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tending to see people as citizens and community members.60 And the two

systems have very different relative strengths, with local government good at

market shaping and accountability, and the NHS is good at processing health

information to aid patient care and clinical leadership.

These cultural differences have somewhat inevitably resulted in longstanding

and ongoing difficulties in communication and understanding between the two

systems. Almost two-thirds (65 per cent) of survey respondents cited cultural

differences when asked for reasons that wholesale integration of health and

care services nationwide has taken so long to develop. One HWB Chair told us

that the failure of individuals to understand the work of other bodies - they cited

the example that they had discovered some doctors have never met a social

worker - can forge an environment of distrust and ignorance of the broader

picture. And this was underlined by Communities Secretary Eric Pickles who has

said there is an "enormous" [amount of] "distrust and arguments between local

authorities and the NHS."61 This distrust and poor communication is another key

element in delayed transfers of care.

This failure to effectively communicate can also take a technological hue, leading

to a lack of healthcare information sharing between services and partners.

One interviewee said: "[The fact that] we have no integrated information

system is bizarre". The result is, as another HWB Chair told us: "Not really

knowing and tracking people through their lives [resulting in] people coming

in having previously not seen us and then needing lots of care immediately".

Indeed, our survey of local health leaders confirms this with 52 per cent of

respondents saying that relationships between relevant partners are one of the

main underlying causes of delayed transfers of care.

Predictably, such different cultures can also make change management across

the whole system even trickier than usual. The more organisations involved

(and in some local authority areas it can easily be dozens), the more different

processes and specific corporate cultures that have to be aligned, and the more

complex any change attempted.

3.3.2 Fragmentation

The institutional and historic separation of the NHS and local government has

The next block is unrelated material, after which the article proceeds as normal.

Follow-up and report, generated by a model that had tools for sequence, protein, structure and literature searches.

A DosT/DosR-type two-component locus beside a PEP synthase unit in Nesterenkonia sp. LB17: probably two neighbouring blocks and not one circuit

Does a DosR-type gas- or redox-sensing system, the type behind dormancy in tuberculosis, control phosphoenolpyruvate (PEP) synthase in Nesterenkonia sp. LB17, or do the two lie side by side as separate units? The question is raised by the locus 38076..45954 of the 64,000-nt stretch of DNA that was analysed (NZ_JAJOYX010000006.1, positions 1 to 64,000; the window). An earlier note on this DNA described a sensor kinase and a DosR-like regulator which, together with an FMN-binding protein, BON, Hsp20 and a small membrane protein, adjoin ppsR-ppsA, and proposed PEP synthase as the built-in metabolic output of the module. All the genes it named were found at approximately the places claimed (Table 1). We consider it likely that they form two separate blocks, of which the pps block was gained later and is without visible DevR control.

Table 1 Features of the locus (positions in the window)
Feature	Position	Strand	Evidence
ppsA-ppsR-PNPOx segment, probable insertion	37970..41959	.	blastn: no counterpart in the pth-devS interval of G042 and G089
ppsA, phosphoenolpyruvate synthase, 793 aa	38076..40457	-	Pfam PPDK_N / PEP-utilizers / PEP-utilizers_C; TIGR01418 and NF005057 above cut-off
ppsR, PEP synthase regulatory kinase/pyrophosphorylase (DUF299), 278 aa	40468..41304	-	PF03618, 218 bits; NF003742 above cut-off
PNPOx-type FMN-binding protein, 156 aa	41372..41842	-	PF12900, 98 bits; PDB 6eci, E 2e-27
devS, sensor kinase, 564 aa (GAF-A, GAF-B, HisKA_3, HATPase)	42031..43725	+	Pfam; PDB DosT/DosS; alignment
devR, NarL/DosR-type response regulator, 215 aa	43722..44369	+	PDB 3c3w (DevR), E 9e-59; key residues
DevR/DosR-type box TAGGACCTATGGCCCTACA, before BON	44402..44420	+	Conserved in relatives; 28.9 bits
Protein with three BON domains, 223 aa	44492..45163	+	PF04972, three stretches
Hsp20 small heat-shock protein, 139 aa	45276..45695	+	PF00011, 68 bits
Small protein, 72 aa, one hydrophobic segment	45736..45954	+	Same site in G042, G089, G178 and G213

resulted in fragmentation of healthcare provision at the local and national

level resulting in significant barriers to integrating services. At the national

level leaders have faced a tough challenge, managing wide-reaching change

throughout the NHS while themselves split across Department of Health, NHS

England and Public Health England (Plus Monitor, the Care Quality Commission

and national Healthwatch).

Although the structural changes were introduced for sound reasons, attempting

to radically reform the shape of the NHS to make it more locally and clinically

led, some local health leaders found the fragmentation a challenge. Nearly half

of our survey respondents thought that the impact of changes to the NHS were

a reason for why wholesale integration of health and care services nationwide

had taken so long to develop. Fragmentation has been observed as a significant

problem at the national level as well. In a recent interview with the Guardian Sir

Bruce Keogh, medical director for NHS England, said: "Too many patients find

the NHS fragmented [and] confusing. They find that they get pushed from pillar

to post, they feel like a ball in a pinball machine at times."62

Local government and health authorities are not structured along the same

geographic lines - in the jargon they are not co-terminous - and this was another

60 Localis, In sickness and in health

(September 2013)

61 Wiggins, K, "Hunt: NHS has

'responsibility to help councils"

LGC (31 October 2014)

62 Campbell, D, "NHS cannot cope

with ageing population, warns

top doctor" The Guardian (19

January 2015)

Chapter 3 - What Is The Diagnosis? Or Why Are We Failing Our Elderly?



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